Urban density, accessibility, and proximities: mapping and understanding the relationship between urban densities and cycling accessibility to grocery shops in the 10-minute city in the context of Stavanger metropolitan area

Todor Kesarovski, Fabio Hernández Palacio

Research output: Chapter in Book/Report/Conference proceedingConference contribution book

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Abstract

Denser urban environments can enable more effective use of resources such as space, energy, and raw materials. Denser cities require less space, preserving valuable peri-urban lands that can provide environmental services and agricultural goods. When organised thoughtfully, compact urban settlements also tend to enhance the accessibility to everyday urban services. Thanks to proximity, cycling and walking, combined with public transport, can replace car-based transportation, reducing the use of fossil fuels and space for road infrastructure. The dimension of time is increasingly used to measure the built environment performance regarding accessibility and proximity. Concepts such as the 5, 10, 15, 20 or 30-minute city are increasingly used in different contexts to study how people access urban spaces in more environmentally friendly and efficient ways. In this paper, we use the concept of the 10-minute city to map the potential of cycling to access groceries in Stavanger metropolitan area. Increasing cycling has become one crucial element of local strategies towards carbon neutrality on national, regional, and metropolitan levels. Local authorities have been improving cycling infrastructure in recent years. However, the low rate of cycling in local mobility suggests that these efforts have not been sufficient. The paper elaborates on a scientific approach based on GIS network analysis. Moreover, the analysis uses correlations with urban densities to explore the empirical relationships and sketch actual potentials regarding the service of interest. As a result, the study quantifies the prospect of cycling to cater sufficiently to the needs of Stavanger MA's population based on the existing morphology and networks. On the other hand, this assumption also provokes some practical considerations regarding the present challenges for cycling to be an effectively employed mobility mode for grocery shopping, such as improving the existing bicycle network and the parking provision for bikes by stores.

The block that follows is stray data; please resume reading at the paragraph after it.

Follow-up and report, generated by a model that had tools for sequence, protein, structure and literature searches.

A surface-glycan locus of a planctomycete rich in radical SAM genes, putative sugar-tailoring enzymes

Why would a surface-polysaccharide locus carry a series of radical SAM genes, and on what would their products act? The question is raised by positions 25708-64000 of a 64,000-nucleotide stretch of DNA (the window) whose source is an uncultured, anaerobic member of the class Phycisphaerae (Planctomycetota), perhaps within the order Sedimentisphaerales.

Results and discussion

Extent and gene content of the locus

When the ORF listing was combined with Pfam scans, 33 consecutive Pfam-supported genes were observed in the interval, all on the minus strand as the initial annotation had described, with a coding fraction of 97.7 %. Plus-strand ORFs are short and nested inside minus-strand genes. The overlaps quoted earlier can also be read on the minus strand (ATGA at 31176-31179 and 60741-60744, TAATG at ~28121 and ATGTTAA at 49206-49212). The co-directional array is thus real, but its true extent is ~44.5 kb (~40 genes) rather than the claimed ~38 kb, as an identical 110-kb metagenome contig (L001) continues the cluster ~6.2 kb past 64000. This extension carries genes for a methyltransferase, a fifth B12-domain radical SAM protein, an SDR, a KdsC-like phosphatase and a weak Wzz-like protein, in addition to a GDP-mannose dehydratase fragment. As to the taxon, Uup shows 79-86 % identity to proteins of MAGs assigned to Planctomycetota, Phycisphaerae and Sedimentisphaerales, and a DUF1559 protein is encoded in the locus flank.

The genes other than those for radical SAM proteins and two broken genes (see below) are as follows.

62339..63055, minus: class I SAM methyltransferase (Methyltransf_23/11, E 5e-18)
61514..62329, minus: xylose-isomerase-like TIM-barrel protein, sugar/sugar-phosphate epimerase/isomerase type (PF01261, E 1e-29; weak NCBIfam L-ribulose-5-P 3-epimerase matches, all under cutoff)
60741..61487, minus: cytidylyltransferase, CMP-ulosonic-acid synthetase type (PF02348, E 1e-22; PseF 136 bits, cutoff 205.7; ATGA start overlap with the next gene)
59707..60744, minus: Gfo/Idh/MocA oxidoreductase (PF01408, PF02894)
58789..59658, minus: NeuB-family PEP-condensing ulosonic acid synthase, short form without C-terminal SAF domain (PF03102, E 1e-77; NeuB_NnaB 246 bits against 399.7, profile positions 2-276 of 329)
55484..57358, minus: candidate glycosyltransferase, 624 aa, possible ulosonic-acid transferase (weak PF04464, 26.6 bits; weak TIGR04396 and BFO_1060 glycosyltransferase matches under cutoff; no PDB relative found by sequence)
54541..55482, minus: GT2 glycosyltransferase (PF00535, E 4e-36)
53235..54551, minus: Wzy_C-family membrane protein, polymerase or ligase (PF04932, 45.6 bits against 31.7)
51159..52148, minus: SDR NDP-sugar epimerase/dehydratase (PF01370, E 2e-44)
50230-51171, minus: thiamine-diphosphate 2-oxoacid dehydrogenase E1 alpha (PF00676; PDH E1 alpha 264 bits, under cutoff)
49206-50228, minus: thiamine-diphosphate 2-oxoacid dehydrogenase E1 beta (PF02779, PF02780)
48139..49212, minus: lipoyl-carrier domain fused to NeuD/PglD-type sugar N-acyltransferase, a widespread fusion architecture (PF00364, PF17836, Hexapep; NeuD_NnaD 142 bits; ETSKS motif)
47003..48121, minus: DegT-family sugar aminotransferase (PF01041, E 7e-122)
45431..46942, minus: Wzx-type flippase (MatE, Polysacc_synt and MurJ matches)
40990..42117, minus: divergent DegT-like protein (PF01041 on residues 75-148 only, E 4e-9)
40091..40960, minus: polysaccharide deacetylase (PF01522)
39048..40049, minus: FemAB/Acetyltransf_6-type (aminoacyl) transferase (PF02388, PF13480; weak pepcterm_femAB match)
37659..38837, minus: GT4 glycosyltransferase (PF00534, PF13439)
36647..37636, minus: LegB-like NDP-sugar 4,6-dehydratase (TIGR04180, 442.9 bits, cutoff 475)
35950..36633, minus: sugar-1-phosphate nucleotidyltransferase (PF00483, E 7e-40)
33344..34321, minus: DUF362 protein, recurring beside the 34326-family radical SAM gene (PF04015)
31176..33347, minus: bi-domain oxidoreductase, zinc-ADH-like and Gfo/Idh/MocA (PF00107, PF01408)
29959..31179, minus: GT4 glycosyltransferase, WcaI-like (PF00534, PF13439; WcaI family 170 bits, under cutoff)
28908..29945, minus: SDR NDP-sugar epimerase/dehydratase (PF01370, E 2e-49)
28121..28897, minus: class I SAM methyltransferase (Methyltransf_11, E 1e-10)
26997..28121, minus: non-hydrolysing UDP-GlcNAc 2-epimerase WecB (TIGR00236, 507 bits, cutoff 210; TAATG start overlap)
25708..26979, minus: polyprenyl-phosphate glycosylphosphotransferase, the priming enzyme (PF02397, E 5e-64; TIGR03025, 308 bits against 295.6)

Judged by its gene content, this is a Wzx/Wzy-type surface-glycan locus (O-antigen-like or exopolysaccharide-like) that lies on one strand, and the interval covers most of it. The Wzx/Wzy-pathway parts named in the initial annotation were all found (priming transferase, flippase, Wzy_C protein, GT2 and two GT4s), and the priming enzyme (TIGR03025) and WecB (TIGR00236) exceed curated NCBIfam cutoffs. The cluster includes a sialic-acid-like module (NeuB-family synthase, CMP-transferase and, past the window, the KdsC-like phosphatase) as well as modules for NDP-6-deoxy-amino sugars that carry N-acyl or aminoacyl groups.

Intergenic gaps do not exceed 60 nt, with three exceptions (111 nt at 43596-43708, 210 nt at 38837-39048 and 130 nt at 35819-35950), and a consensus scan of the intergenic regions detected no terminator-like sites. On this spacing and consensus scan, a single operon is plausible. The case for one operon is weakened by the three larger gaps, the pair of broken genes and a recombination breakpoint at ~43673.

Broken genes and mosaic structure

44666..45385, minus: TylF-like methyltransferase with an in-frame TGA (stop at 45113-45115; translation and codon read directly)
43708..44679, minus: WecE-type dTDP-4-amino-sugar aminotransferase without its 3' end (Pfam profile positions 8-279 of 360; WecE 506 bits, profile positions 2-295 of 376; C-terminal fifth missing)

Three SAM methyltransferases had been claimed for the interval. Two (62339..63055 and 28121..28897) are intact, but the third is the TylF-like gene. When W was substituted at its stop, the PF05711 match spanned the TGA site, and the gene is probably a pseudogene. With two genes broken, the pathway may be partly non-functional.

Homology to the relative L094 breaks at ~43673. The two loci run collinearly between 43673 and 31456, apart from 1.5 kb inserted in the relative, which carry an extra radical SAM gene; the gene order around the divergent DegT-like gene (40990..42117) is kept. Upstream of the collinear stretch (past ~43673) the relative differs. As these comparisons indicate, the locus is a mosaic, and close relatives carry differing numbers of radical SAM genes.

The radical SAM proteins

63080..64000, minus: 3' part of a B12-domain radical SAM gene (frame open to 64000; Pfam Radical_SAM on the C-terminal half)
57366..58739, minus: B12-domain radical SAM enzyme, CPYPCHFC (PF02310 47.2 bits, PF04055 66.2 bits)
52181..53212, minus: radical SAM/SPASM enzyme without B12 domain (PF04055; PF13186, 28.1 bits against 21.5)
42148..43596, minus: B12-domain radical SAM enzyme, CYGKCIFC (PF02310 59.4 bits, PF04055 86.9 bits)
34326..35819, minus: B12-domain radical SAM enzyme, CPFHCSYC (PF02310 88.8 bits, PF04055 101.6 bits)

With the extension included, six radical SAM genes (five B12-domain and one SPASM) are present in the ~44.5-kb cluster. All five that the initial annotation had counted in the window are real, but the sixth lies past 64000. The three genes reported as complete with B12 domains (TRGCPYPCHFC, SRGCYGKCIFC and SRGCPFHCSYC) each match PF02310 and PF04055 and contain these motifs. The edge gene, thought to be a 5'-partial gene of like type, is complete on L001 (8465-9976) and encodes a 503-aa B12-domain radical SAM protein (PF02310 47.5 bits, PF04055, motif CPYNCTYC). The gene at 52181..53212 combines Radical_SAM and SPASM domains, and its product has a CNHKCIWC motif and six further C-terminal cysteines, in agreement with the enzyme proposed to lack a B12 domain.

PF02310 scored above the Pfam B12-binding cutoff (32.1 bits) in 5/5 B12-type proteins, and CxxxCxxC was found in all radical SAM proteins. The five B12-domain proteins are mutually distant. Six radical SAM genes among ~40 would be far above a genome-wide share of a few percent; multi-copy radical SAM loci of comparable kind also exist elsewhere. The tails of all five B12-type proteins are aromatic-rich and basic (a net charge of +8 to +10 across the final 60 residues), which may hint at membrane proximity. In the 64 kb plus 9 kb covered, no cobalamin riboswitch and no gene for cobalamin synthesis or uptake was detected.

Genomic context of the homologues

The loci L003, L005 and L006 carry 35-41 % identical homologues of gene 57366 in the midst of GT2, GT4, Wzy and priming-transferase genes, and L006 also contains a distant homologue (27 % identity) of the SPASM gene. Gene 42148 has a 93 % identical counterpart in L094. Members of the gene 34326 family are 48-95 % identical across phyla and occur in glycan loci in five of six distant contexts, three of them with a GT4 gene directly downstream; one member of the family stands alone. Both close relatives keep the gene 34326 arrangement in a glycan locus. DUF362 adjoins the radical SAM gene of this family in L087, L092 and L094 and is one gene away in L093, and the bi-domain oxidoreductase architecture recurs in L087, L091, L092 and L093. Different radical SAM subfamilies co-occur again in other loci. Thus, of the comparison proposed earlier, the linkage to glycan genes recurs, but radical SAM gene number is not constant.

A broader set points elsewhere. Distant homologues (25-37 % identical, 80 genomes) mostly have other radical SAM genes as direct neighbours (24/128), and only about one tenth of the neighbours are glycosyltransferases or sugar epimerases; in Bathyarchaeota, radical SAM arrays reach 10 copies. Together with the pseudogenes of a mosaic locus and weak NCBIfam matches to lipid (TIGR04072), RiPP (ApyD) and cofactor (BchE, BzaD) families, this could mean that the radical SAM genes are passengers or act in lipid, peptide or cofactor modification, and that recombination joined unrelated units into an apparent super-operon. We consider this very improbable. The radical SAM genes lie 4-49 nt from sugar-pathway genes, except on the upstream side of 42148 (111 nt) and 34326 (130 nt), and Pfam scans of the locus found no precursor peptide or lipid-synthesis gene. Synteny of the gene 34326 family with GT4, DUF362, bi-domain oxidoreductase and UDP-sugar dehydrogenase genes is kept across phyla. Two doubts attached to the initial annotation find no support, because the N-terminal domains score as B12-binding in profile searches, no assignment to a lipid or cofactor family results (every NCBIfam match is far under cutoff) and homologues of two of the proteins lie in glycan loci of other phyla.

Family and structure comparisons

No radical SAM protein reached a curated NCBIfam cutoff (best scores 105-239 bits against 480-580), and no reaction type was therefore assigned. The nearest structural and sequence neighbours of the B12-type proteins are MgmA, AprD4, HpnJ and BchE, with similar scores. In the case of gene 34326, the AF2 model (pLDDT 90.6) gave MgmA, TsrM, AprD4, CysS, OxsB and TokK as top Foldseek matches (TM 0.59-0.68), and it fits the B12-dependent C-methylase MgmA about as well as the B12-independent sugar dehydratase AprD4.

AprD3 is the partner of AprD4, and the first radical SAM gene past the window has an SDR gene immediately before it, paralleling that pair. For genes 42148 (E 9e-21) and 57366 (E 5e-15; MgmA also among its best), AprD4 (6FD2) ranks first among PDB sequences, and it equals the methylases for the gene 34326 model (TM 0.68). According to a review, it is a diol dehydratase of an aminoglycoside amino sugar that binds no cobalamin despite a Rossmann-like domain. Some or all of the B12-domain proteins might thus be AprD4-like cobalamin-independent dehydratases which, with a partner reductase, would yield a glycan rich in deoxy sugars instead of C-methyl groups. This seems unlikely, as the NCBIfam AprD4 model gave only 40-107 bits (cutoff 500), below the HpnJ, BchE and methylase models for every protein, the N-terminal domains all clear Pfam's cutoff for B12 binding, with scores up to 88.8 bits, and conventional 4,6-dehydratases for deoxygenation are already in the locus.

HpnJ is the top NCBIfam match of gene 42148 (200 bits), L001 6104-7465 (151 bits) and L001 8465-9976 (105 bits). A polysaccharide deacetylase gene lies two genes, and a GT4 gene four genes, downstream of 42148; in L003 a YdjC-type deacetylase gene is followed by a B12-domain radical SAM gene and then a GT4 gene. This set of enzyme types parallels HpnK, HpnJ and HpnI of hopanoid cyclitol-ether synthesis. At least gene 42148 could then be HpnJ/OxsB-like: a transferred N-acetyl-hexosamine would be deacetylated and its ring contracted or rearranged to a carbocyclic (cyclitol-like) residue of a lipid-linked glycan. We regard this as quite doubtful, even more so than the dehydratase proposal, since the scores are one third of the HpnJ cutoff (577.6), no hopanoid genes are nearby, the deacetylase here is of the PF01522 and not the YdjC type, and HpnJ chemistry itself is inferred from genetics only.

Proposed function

Original languageEnglish
Title of host publicationAnnual Conference Proceedings of the XXVIII International Seminar on Urban Form
Subtitle of host publication"Urban Form and the Sustainable and Prosperous City"
Place of PublicationGlasgow
Pages810-820
Number of pages11
Publication statusPublished - 8 Apr 2022

Keywords

  • urban density
  • 10 minute city
  • morphology
  • accessibility
  • GIS

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